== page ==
2. A mechanical problem would be resistance to movement in part that should, um, move. (Duh.) Internal resistance in the steering rack and/or assist motor I would think is unlikely. A tight upper strut bearing is possible but not particularly likely. A tight outer tie rod end or ball joint is the most likely. One would need to disconnect the outer tie rods to turn each of the strut and knuckle assemblies be hand to test.

2.5 A alignment fault causing too much toe-in may produce a plowing effect and feel as you describe. Maybe. I can not know what you are feeling.

3. ??? I don't know, you're too sensitive? Find a similar vehicle for comparison.
 

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I wish my steering would do that, my car's steering has never been centred from day 1.

Dealer plays the "road is crowned" card. M'kay...a road crown doesn't explain why my steering wheel is off centred to the right, but okay...

Funny, the dealer is now willing to address the issue too, since I'm no longer covered under the alignment portion of my warranty. :wink:
 

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Neon: You need to find someone who is competent on a 4 wheel alignment machine, so that your steering wheel is centered. Your airbag will not function properly, if the wheel is off center. Setting the toe on each front wheel correctly will result in a centered steering wheel. Rear wheel reference has to be used to accomplish this and the computerized alignment systems will do this perfectly if the operator knows how to compensate the sensors and use the equipment properly. This is an easy task for a properly trained alignment technician.
 

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Indeed. The alignment issue (and the dealers' refusal to fix it until the warranty expired) is something else I brought up to SmartUSA.

...And don't even ask about that...I say I could only be contacted at 2PM CST or 6PM CST (or later). So they call me at 11:15AM?
 

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I've noticed while driving straight down the parkway that the steering just wants to remain in position (when it's not being corrected within a brief time) It's as if the position has a slight ''V'' indentation and it requires a little extra effort to get it out of this 'not locked, but slight resistance sensation'.
Obviously locked would mean a dangerous situation.
It just doesn't feel right.
The car has power steering and I have placed the same size tires on the front as the rear. I don't believe the latter would be the cause though, because so many have changed out tires and never complained.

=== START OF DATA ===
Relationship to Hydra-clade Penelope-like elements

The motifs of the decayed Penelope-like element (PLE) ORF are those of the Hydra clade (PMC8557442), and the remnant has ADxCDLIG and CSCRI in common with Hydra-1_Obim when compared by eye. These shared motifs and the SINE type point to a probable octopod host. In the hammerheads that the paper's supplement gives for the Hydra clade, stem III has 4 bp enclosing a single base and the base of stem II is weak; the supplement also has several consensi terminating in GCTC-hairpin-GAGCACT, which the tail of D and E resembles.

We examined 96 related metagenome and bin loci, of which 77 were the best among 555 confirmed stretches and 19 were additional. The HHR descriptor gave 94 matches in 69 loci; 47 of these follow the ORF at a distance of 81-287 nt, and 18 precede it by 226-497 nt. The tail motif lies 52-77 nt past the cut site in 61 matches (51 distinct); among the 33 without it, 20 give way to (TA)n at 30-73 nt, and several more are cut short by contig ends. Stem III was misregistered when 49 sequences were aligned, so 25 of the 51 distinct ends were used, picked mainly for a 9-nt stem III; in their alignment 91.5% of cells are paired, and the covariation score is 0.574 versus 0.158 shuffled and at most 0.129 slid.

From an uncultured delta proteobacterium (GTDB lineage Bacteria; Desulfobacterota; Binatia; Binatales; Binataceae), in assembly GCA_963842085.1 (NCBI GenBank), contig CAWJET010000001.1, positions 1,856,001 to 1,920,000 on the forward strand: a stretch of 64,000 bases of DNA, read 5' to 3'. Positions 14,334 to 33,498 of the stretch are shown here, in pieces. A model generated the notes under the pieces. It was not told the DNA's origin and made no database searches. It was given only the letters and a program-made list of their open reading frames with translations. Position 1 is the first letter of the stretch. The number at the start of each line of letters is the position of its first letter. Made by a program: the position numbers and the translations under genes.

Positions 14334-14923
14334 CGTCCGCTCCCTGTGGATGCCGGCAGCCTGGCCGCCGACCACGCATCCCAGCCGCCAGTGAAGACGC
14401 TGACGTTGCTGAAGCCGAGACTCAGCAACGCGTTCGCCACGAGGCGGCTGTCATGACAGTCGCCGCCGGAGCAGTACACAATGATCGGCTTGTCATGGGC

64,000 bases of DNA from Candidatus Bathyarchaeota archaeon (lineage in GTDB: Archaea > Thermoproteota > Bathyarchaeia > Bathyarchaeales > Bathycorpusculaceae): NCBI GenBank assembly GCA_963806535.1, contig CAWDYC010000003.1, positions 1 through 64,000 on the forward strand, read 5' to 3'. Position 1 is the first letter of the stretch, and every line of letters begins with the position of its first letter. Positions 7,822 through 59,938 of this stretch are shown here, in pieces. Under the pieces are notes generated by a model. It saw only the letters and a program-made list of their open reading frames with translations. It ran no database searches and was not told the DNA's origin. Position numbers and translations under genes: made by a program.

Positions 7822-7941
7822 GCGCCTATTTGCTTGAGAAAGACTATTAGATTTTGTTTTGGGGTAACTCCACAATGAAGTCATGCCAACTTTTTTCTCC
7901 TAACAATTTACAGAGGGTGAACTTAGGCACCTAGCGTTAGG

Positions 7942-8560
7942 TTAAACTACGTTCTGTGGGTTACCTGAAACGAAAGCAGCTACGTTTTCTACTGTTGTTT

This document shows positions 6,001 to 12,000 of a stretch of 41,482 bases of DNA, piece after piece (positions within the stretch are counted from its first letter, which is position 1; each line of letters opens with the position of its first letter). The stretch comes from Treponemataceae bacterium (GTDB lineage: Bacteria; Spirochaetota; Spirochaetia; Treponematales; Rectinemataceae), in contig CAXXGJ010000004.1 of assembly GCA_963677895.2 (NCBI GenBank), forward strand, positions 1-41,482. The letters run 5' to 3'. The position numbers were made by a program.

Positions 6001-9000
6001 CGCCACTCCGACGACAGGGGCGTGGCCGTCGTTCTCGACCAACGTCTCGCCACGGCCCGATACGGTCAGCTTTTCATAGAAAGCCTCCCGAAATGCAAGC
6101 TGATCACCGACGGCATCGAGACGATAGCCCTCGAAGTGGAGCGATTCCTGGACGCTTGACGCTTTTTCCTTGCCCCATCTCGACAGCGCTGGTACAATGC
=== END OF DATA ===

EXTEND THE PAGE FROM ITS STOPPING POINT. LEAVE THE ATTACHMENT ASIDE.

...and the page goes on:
So not being familiar with innards of the steering, I'll make an an uneducated guess that that there is some sort of a magnetic holding
phenomenon being created, which could cause this... Or there is a lubricating issue. Any thoughts would be welcome.
I recently experienced this phenomenon in my 2008 smart passion cabrio with power steering. I went on a trip which was basically 24 hours round trip and experienced this probably 4 or 5 times. Your description is exactly what occurred while on the highway. I only notice this on the highway, first time was in 2009 and it has not gotten any better or any worse since then. It takes a bit of effort to get it to overcome the center position, but once it gets passed that point it moves quite easily. It can be a bit frightening until the steering wheel starts the slightest bit of movement that must be overcome.
 

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Discussion Starter #12
Thanks for sharing this unusual symptom. It's not that 'misery loves company' but that there is another smart owner with a similar issue.
Perhaps power steering is contributing here as it attempts to bring the wheel in a centered position. Since I had the two larger wheels/tires mounted in the front the steering is wheel is off a bit. Maybe one tire is larger in dimension than the other and this confuses the centering feature. The car never pulls to either side and tracks true however.
I guess I'm going to ask to put the new (pre-owned) tires to be put in the back and see what happens.
Thank you all for your input.:)